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Converging on customs duties

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Converging on customs duties

With Mr. Yashwant Sinha converging on customs duties, Budget 2001 has drawn a spectrum of reactions: the media and entertainment industry is thrilled, telecom players are lukewarm, and IT pundits call the duty changes a ``big let down''.

Media: The Information and Broadcasting Ministry had recently indicated that the media industry should be brought on par with the telecom and the IT sectors as far as taxes and duties on equipment are concerned. With customs duty reduction on cinematographic equipment from 25 to 15 percent, broadcasters are gearing up for some "competition".

Telecom: Even as the budget has left the custom duties on the GSM mobile handsets untouched, the good news for the WLL CDMA service providers is that the basic custom duties on CDMA handsets will come down from 25 to 15 per cent. The bad news: it is still 10 per cent higher than the basic duty of 5 percent custom duty charged on GSM handsets.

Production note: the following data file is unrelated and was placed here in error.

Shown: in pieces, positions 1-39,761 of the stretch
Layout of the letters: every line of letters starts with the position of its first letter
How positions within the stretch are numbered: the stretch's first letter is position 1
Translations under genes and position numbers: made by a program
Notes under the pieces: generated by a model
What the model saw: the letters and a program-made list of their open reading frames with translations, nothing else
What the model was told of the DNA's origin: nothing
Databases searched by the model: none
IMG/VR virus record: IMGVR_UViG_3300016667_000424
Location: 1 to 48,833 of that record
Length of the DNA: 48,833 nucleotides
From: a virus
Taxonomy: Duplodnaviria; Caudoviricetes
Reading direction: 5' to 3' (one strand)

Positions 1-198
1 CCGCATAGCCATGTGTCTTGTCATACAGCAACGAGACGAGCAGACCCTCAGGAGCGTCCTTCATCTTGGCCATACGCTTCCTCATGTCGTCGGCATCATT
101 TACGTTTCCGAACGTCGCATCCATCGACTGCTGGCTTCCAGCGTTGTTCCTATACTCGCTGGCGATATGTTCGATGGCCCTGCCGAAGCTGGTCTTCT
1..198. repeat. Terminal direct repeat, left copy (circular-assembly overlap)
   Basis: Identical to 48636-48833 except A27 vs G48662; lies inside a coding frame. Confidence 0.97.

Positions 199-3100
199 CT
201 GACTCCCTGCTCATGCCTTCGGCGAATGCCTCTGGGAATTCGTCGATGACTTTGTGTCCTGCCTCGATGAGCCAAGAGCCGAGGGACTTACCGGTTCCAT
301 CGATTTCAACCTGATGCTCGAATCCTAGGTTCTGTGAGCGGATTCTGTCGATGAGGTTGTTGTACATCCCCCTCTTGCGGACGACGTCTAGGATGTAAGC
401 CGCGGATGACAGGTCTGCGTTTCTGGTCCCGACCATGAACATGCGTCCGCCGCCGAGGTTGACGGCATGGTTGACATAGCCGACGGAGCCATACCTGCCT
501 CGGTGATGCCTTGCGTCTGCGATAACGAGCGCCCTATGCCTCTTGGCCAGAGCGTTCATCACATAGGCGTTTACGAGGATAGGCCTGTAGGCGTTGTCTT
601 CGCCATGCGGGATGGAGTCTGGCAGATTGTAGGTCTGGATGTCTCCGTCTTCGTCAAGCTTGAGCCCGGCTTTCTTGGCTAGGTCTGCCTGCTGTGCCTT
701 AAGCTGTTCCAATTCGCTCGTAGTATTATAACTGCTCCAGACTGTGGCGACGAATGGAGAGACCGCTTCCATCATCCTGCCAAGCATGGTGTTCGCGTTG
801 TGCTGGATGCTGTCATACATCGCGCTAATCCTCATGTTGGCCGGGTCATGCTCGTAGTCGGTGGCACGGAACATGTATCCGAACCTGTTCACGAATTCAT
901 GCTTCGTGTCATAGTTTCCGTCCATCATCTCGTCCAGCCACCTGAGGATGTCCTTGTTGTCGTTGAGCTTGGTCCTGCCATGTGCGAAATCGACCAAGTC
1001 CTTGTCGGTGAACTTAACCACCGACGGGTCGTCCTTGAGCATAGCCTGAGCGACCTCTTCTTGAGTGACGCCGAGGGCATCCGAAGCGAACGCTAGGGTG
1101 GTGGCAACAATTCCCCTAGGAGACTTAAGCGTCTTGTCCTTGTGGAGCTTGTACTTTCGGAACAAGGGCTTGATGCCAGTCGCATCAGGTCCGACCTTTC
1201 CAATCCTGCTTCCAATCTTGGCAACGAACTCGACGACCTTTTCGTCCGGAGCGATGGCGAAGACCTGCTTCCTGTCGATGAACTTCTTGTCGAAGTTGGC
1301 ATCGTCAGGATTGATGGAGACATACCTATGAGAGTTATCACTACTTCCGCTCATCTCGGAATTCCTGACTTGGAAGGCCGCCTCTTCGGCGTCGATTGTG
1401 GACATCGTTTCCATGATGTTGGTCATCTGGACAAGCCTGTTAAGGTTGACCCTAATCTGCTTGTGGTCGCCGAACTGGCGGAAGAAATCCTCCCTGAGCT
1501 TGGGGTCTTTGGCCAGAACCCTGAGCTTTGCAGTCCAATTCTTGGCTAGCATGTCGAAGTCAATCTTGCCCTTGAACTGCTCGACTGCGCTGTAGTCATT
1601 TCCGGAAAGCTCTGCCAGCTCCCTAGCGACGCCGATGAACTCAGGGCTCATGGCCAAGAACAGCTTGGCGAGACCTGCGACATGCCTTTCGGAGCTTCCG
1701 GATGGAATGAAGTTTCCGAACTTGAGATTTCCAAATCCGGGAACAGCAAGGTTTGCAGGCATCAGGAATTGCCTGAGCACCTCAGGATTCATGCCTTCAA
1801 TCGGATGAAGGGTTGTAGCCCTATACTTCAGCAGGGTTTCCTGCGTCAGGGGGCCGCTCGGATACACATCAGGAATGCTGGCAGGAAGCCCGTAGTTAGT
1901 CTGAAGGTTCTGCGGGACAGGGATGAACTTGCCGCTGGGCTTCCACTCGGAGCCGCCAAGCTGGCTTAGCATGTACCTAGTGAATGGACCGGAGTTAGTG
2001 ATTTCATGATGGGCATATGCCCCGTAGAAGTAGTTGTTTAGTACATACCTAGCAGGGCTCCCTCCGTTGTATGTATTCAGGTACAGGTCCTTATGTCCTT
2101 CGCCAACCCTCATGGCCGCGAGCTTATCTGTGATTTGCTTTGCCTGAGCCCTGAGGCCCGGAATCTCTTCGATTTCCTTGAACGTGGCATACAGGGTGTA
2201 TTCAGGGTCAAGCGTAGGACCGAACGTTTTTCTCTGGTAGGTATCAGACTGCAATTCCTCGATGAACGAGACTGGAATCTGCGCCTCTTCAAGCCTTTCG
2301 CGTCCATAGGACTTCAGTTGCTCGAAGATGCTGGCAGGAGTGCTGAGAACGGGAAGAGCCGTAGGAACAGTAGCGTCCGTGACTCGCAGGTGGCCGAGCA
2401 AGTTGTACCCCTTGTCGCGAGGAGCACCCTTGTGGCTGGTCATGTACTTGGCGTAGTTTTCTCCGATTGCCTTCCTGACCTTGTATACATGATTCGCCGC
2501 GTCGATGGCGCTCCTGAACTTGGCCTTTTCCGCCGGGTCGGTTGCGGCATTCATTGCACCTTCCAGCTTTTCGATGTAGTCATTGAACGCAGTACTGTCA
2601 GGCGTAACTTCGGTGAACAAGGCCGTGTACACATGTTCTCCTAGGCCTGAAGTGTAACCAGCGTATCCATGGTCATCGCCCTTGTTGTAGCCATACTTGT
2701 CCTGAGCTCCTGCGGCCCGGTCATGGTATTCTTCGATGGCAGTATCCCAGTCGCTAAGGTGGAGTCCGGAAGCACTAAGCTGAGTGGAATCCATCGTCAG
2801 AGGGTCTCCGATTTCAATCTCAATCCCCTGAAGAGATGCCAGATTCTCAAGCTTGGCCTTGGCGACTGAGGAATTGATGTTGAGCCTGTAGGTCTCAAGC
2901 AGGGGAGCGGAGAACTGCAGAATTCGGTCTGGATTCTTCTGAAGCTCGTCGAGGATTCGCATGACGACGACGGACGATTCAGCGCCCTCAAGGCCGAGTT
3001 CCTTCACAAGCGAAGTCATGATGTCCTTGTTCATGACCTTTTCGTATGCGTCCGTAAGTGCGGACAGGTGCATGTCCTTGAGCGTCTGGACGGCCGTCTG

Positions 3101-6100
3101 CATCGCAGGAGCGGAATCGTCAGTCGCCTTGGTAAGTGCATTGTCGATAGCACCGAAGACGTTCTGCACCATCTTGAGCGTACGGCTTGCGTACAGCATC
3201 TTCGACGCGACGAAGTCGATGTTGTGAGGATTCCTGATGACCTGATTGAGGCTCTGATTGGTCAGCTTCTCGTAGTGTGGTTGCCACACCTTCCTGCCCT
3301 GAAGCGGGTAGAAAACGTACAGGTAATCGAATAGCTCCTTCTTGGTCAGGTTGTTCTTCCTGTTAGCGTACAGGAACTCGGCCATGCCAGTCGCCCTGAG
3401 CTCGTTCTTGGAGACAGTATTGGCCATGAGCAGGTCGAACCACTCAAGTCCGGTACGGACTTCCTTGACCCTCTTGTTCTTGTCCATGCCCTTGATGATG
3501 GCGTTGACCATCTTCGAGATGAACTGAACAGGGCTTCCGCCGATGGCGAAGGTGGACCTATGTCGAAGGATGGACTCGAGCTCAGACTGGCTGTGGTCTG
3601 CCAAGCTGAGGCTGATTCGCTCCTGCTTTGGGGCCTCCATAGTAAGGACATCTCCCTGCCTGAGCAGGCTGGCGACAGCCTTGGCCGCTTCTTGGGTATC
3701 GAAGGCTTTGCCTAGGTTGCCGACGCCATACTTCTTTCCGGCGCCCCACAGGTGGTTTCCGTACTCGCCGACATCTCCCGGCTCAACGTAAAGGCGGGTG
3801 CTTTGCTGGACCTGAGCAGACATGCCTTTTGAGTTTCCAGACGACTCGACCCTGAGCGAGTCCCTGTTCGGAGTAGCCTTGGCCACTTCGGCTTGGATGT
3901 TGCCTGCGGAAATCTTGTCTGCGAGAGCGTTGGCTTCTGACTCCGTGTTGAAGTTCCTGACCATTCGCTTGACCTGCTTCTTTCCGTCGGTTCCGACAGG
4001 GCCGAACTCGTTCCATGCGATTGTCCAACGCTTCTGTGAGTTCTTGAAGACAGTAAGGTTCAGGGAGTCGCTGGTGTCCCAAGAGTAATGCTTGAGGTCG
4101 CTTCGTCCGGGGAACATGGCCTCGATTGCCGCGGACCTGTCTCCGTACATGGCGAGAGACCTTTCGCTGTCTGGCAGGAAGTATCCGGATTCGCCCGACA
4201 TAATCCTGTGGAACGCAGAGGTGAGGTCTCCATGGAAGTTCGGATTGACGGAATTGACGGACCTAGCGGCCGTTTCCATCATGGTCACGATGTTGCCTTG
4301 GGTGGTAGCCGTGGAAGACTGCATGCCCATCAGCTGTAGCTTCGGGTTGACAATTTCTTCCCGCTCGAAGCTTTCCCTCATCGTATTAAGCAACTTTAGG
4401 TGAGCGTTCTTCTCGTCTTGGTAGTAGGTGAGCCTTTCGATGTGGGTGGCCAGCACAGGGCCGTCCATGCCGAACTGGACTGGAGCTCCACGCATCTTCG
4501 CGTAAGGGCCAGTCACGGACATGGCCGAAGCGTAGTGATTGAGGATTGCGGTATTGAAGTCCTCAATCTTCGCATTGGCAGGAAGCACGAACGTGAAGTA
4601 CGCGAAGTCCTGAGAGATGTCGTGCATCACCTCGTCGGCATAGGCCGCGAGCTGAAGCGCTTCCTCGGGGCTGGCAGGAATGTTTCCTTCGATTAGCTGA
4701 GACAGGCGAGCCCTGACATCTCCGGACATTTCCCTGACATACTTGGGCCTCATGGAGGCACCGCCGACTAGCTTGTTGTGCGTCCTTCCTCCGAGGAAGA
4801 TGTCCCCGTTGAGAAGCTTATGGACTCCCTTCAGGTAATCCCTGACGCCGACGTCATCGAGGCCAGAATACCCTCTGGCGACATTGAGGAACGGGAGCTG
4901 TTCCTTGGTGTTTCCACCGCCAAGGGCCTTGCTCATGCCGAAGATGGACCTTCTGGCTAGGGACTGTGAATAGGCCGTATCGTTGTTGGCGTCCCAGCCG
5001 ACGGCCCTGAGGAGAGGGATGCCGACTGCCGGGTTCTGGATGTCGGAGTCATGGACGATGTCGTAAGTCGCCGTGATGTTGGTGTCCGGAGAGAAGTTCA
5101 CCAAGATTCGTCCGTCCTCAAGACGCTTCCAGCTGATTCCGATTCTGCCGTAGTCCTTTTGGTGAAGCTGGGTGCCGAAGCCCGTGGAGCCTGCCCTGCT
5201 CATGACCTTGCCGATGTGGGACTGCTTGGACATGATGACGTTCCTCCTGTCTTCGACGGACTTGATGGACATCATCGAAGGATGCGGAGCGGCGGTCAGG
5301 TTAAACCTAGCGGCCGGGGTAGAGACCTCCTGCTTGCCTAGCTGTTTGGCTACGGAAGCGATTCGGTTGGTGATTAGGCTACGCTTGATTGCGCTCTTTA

Meanwhile, the operators are happy that the costs of setting up telecom network infrastructure will come down as the duties for network components, which was 22 per cent for Base Transceiver Stations (BTS) and over 50 percent for microwave radio's will now come down.

Information technology: The budget has been a let down for the hardware industry. The hardware industry has been looking forward to the rationalisation of tariff with a reduction in excise duty to 8 per cent from the existing 16 per cent, and abolition of the 4 per cent Special Additional Duty (SAD).

But the drop in surcharge in the present budget results in a reduction of only 1.8 per cent on finished goods. The impact on raw materials will be a negligible 0.5 per cent reduction. MAIT's suggestions that the duty on imported parts and components including items of dual usage be brought down to nil, or that the terminal year for nil duty be extended to 2005 have not been considered.


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